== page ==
Why is my skin worse in isolation? The reasons behind breakouts, spots, dryness and dull complexions

For many, not wearing make-up doesn't guarantee radiant skin

Close up of Asian woman worry about her face when she saw the problem of acne and scar by the mini mirror. Getty Images
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“Why is my skin so bad right now?” is a question that has been bemoaned on social media and pondered in WhatsApp groups since self-isolation began.

Despite the fact many of us are wearing less make-up than we typically would, many people are complaining about dryness, breakouts and a generally dull complexion.

The answer is fairly simple, and comes down to three things: vitamin D (or a lack thereof), air quality and routine.

“Many of us are seeing an increase in skin-related troubles, from breakouts to dryness and irritation during the coronavirus pandemic," explains Dr Nancy Labib, a specialist dermatologist at Medcare Medical Centre.

"Spending time indoors is linked to vitamin D deficiency, as well as an increased exposure to artificial and dry air. And it's these two factors combined that are causing our skin to throw a bit of a tantrum.”

If you take time to treat your skin well now, it will reap the benefits once isolation has ended

“Vitamin D deficiency accelerates [skin's] ageing. Not getting enough sun also lowers immunity and increases flare-ups of autoimmune conditions such as eczema, psoriasis and atopic dermatitis,” Dr Labib explains. “The artificial air that comes from our air conditioners further removes the moisture from our skin, causing it to dry out.”

However, for many, there may be a few more factors at play, which include shifts in our routine – both our beauty routine and that of our general day-to-day life.

“Stress, poor diet and a lack of exercise while we spend more time at home can further exacerbate these skin issues,” she adds.

“Some of us are neglecting to apply [typical] home skincare due to stress and definitely that has a negative impact on our skin. However, others overdo their skincare regime, it inhibits the protective features of your skin. This has an opposite effect and causes flare-ups of acne and eczema."

So if you have been amping up your face mask routine from daily or weekly, it may be having more of a negative effect that the positive one promised on the jar. Stick to the basics, and what your skin is used to.

How to brighten up skin in isolation

Rebecca Treston, skincare and laser expert, echoes Dr Labib’s advice, saying, “depending on where you are living, many of us are confined indoors. This means we have little access to oxygen from fresh air and vitamin D from the sun and the general feel-good factor you get from being outside.”

Her advice for improving the condition of your skin is simple and routine-focused.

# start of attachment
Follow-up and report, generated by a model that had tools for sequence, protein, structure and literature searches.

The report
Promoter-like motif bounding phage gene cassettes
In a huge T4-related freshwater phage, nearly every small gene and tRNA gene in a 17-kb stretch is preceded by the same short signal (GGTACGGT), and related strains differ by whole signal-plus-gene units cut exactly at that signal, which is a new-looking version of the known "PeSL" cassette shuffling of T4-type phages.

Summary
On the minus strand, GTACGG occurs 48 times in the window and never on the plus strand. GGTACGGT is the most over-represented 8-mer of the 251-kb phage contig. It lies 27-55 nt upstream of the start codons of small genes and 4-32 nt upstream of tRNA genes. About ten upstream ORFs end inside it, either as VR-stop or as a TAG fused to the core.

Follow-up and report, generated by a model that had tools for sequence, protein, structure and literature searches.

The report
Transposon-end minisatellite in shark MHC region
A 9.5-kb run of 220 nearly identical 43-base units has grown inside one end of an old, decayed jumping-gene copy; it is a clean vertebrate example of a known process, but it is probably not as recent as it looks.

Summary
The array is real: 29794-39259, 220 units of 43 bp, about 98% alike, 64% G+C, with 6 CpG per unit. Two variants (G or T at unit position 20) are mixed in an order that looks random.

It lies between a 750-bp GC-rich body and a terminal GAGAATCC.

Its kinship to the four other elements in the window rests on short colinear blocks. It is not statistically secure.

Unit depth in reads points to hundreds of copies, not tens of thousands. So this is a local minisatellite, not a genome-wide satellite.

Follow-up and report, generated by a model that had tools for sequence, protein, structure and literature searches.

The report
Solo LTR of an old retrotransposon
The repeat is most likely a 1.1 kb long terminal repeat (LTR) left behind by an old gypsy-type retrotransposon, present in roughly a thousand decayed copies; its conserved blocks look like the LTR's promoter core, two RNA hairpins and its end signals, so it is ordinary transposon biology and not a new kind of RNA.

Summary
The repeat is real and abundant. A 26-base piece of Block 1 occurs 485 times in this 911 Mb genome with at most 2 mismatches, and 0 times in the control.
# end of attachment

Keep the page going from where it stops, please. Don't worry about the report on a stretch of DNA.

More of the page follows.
Pixi Vitamin-C Tonic is a lightweight skin toner, which aims to correct dark spots and brighten the complexion. Courtesy LookFantastic.ae 
Pixi Vitamin-C Tonic is a lightweight skin toner, which aims to correct dark spots and brighten the complexion. Courtesy LookFantastic.ae 

“Keep to a consistent and basic skin routine each day. This should include cleansing, toning, and in the morning the use of antioxidants with vitamin C and hyaluronic acid to keep skin well moisturised,” she advises.

“Wear sunblock through the day as the UV can still penetrate through devices and windows. Exfoliate the skin in the evening so the skin can have a healthy cell turnover, which gives it a lovely glow.”

Treston also suggests trying skin tools to remove puffiness and add definition, these include jade rollers, gua sha and beaded gel sleeping masks.

“You can also make enzyme masks using natural store cupboard products such as pineapple, oatmeal, papaya. Ingredients such as this will give your skin a boost,” she adds.

“The key is not to overtreat the skin, but rather be consistent. If you take time to treat your skin well now, it will reap the benefits once [the period of self-isolation] has ended and will be ready to have treatments that will give it a fresh, youthful glow.”

Is your skin actually faring better in isolation? 

The exception, as they say, proves the rule. So naturally, there have been people commenting on how fresh their skin feels on social media, as they're not using as much make-up as they typically would.

“Different people respond differently to every situation because stress plays a huge role in how your skin responds,” says Treston.

"I am definitely letting my skin breathe, but sometimes, I do have a make-up day to give myself a boost and make myself feel better. But I recognise the effects not wearing make-up has had, especially around my eye contour area, where I usually have a little bit of irritation."

Rest and relaxation is the key, as ever, to a glowing complexion. Dr Labib, concludes: “Try to think of the time at home as a vacation for your skin, your skin is the biggest organ in your body and reflects your health status, that is why it needs a little special care.”